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How to Take photos of the Sun with a DSLR camera

Ok, so you have this kind of camera.

A canon camera and lensAnd I am assuming you know a little bit about how to use it. You know that the lenses are quickly interchangeable. You snap one off and you snap another one in place.

For taking pictures of the sun you need to adapt your camera to the telescope. And you do this with a pair of items called a "t-ring" and a "t-ring adapter".

And these adapters, just like lenses for cameras are specific to the camera brand. If you have a Canon you need to get a Canon specific t-ring and adapter. For Pentax you need a Pentax specific t ring and adapter and same goes for Nikon.

The adapters for the three major brands of DSLR cameras are avialable on amazon here:

It's really quite easy! Let's do it.

Camera and t rings

Here is the camera and the pair of adapters.

 

 

 

Install the t-ring

Remove the lens from the camera then click in the t-ring. It fits and clicks in just like any other lens.

 

 

 

Install the t-ring adapter

Then you screw in the t-ring adapter. It simply threads into the t-ring.

 

 

 


The camera is ready

And that's it. Quite simple. It is ready to attach to the camera.

 

 

 

 

Install camera onto telescope

Next you simply remove any eyepiece you have in your telescope, insert the camera t-ring adapter and tighten the screws on the telescope tube

 

 

The camera is installed.

Now you are almost ready to use it. Just one more thing.

The telescope is now out of balance. What I mean is that you have added a heavy weight to one end of it (the camera). And you should re-balance the telescope so it operates smoothly without moving in undesirable ways. You can point it at the sun and the weight of the camera will droop the telescope!

So, reset the weight of everything, rebalancing the telescope.

You do this in two steps. First you loosen the cradle nuts on the telescope and slide the telescope tube forward in the cradle until the telescope weight is balanced.

Slide telescope in cradle to balance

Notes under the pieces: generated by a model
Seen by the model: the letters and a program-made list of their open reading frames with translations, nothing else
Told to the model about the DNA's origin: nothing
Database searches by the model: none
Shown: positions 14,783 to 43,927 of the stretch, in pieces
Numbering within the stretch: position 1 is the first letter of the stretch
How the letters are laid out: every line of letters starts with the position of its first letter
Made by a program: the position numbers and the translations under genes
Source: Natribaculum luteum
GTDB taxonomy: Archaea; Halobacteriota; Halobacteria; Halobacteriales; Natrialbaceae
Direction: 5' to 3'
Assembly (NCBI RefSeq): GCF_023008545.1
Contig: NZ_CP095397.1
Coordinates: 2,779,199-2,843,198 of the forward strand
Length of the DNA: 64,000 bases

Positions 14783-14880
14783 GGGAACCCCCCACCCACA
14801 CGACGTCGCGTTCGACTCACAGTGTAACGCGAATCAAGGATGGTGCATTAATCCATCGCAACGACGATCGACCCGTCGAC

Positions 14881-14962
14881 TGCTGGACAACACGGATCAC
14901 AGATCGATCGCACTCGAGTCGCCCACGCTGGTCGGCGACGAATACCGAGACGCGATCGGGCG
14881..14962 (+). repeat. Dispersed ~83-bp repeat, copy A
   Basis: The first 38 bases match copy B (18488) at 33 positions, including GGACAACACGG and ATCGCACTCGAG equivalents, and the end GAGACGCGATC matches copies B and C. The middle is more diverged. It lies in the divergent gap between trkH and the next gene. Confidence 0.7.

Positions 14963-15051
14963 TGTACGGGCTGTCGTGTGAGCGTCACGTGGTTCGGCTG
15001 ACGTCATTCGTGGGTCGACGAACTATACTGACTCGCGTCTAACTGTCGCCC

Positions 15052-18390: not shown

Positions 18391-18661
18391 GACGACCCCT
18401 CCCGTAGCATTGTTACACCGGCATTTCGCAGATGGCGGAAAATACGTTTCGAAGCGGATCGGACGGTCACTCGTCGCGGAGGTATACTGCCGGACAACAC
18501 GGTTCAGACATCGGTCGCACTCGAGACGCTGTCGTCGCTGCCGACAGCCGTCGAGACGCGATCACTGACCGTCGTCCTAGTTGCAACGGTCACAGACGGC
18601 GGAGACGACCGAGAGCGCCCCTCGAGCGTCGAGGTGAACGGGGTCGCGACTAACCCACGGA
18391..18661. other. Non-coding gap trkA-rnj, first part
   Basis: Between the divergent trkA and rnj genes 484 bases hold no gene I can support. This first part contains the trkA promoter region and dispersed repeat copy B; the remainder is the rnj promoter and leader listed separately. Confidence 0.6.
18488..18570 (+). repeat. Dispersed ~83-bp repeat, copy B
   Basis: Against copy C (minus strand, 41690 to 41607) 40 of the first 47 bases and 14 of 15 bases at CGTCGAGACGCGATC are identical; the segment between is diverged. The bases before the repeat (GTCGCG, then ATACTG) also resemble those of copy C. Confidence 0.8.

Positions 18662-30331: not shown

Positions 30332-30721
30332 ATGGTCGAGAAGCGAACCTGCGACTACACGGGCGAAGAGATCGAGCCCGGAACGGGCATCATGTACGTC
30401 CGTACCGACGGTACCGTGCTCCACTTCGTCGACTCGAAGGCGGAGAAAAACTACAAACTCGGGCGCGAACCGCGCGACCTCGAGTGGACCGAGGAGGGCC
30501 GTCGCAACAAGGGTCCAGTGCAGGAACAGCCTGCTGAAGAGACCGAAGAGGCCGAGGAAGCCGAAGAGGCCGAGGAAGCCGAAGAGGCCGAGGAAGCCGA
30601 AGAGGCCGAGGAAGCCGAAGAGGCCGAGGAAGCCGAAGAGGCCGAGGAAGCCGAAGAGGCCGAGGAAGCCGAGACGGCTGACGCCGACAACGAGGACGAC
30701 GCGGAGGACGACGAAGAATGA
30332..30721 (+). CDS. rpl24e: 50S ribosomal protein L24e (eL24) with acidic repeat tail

Then adjust the counterweight. Sliding it further out to balance it with the new weight of the telescope tube/camera.

Shift counterweight to balance the telescope

Four tips:

Insure your solar filter is installed

Don't forget to place the solar filter on the telescope. Do this first, before you do anything else. And be sure it is secure. Put a rubber band on it if needed. You don't want it to fall off as you move the telescope.

 

 

 

Cover or remove your finderscope

The Finderscope on your telescope (That's the little telescope mounted on the scope).

Never look through it at the sun. It will blind you. And keep the caps on it. Do not allow the sun to shine through it. The sun will melt it quickly. If your finderscope has no caps then cover it somehow or take it right off the telescope.

 


Use the shadow

Trying to point the telescope at the sun can be tricky! You can use the shadow of the telescope to get it right. Move the telescope until the shadow of the tube until it is minimal.

 

 

 

Install a sheet of cardboard

Finally, place a large piece of cardboard or foamboard over the telescope like this. It will put your eye and the camera in shade. It makes it much easier to work with the camera and telescope.

 

 

 

The cardboard shadow

There you go! This will make it easier to work with the camera.

 

 

 

 


Taking pictures

Now you are ready to start taking pictures. This picture here has a lot of glare because of the sun. I was trying to hold one camera while taking solar pictures with the canon! But you get the idea. And, let me give you a couple of tips that will help.

 

Here is one of the pictures I took:

A photo  of the sun with sunspots

 

 

 

 

 

 

 

A celestron telescope

Celestron PowerSeeker 80EQ Telescope

T-Ring and Adapter

SVBONY T2 T Ring Adapter and T Adapter 1.25'' Metal for All Canon EOS Standard EF Lenses and Telescope Microscope Camera Astrophotography Accessories (This is the exact one that the telescope nerd bought and uses in the video.

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